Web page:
Partygoers attend a silent disco at the 'Shard' tower, on the south bank of the river Thames in central London, on November 15, 2014
London (AFP) - London's nightclubs, where sweaty revellers move and shake to thumping beats, are legendary. But now a quieter, more polite clubbing experience is gaining fans -- the silent disco.
At silent discos, partygoers don headphones and dance noiselessly to the music they are listening to. Thanks to the headphones, there is no thudding bassline to shout over -- those who are not dancing can talk, laugh and clink glasses as if they were in their own home.
One recent Saturday, London's Shard -- the iconic glass and steel spike which at some 310 metres (1,000 feet) is the European Union's tallest building -- hosted a silent disco.
A few hundred people gyrated on a dance floor with breathtaking views across central London. Streets and buildings stretched out below them, seemingly infinite.
Dancers could choose their soundtrack from three different channels. Their headphones lit up red, blue or green to show others which one they were listening to.
"We think it is the highest silent disco in the world," said Alex Rochford, DJ for the green channel.
"We can have three separate gigs, so no one in the building will have the same experience because they're always changing to different music."
On the dance floor, people with the same colour headphones clustered together.
Near the turntables, four young women wearing miniskirts and stylish makeup danced to RnB anthem "No Scrubs" by TLC on the green channel.
Nearby, a thirtysomething in a flowery shirt was getting funky to "That's the Way (I Like It)" by KC and The Sunshine Band, playing on the blue channel.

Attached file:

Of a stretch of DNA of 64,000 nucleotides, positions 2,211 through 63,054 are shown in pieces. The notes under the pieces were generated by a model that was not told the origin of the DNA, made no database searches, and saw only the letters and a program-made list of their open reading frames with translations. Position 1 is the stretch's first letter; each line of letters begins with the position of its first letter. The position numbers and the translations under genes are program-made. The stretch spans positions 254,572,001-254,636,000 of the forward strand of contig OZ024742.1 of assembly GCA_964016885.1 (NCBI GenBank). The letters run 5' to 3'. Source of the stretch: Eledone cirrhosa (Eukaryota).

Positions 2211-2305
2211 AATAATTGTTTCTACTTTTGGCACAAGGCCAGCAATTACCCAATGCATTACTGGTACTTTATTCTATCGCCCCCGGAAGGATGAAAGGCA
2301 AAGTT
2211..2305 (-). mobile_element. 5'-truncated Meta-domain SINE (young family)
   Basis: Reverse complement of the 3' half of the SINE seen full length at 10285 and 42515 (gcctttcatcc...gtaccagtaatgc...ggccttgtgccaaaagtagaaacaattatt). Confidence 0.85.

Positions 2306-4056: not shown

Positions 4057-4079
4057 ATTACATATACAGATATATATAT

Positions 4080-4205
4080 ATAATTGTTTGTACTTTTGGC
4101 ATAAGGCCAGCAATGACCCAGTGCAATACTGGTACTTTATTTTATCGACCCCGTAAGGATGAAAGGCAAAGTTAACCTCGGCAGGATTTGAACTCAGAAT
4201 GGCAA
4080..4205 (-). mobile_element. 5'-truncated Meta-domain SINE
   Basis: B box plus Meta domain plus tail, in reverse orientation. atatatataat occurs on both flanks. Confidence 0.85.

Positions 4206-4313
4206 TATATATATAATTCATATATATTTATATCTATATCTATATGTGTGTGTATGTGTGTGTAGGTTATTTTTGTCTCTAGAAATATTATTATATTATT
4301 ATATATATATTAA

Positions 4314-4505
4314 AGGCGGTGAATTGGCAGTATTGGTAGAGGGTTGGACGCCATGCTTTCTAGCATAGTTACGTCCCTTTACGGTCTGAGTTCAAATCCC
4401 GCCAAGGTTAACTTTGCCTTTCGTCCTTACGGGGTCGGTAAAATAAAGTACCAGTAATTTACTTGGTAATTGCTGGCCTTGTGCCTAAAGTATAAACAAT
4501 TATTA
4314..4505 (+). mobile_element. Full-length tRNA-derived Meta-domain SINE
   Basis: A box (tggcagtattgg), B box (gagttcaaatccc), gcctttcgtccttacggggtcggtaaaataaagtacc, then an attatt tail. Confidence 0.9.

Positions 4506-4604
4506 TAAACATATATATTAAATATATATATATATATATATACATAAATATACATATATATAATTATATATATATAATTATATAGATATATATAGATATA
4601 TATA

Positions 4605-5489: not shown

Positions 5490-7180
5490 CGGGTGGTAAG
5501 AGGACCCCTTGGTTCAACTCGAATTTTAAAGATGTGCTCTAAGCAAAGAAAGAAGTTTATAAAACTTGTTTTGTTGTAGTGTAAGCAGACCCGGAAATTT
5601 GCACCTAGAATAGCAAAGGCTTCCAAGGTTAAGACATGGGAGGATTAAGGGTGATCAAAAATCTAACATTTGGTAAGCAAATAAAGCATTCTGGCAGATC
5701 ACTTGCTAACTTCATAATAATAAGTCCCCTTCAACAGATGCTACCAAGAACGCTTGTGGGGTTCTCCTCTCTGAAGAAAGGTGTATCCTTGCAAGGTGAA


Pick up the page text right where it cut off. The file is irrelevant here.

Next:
"I think it's brilliant. You need to come with a group of people, it's better that way," said 53-year-old Geraldine Copley-Smith, one of the revellers.
"It's not that I'm bored -- I like going to normal nightclubs -- but it's a novel thing to do."
- Lost in music -
The silent disco concept dates back to 2002, led by Dutch producer, DJ and performer Nico Okkerse. He says he was the first person to run an event and call it a silent disco and now runs www.silentdisco.com.
However, he was not allowed to trademark the name and said the global popularity of the concept "did not make me rich".
Okkerse saw a growing appetite for the concept, predicting that new technology would fuel growth.
"On the horizon, I see strong wifi capacity and new-generation smartphones which will make it possible to offer exclusive events without the need to bring tons of equipment," he said.
While silent discos are now relatively common, David Zangwill, an American, wants to take the concept to the streets where, he said, "the psychic armour that so many of us are wearing covers up and prevents our true colours from shining through."
He has launched "Silent Disco Squad" -- parties organised in parks and public transport with headphones providing the music.
"We meet up, we count down, we press 'play' and then respectfully spread joy and mayhem around our city," Zangwill said. "And we end with a group hug."
At the top of The Shard, the silent disco was reaching its climax, with Rochford dropping the needle on "Afterglow" by London producer Wilkinson.
There may not be the euphoric roar of the conventional nightclub but despite the relative quiet, the partygoers have had a great night.
"I look around me and all I can see is a number of shared experiences," said Stuart Taylor, a 35-year-old management consultant.
"Everybody is so lost in their music, everybody lost their inhibitions."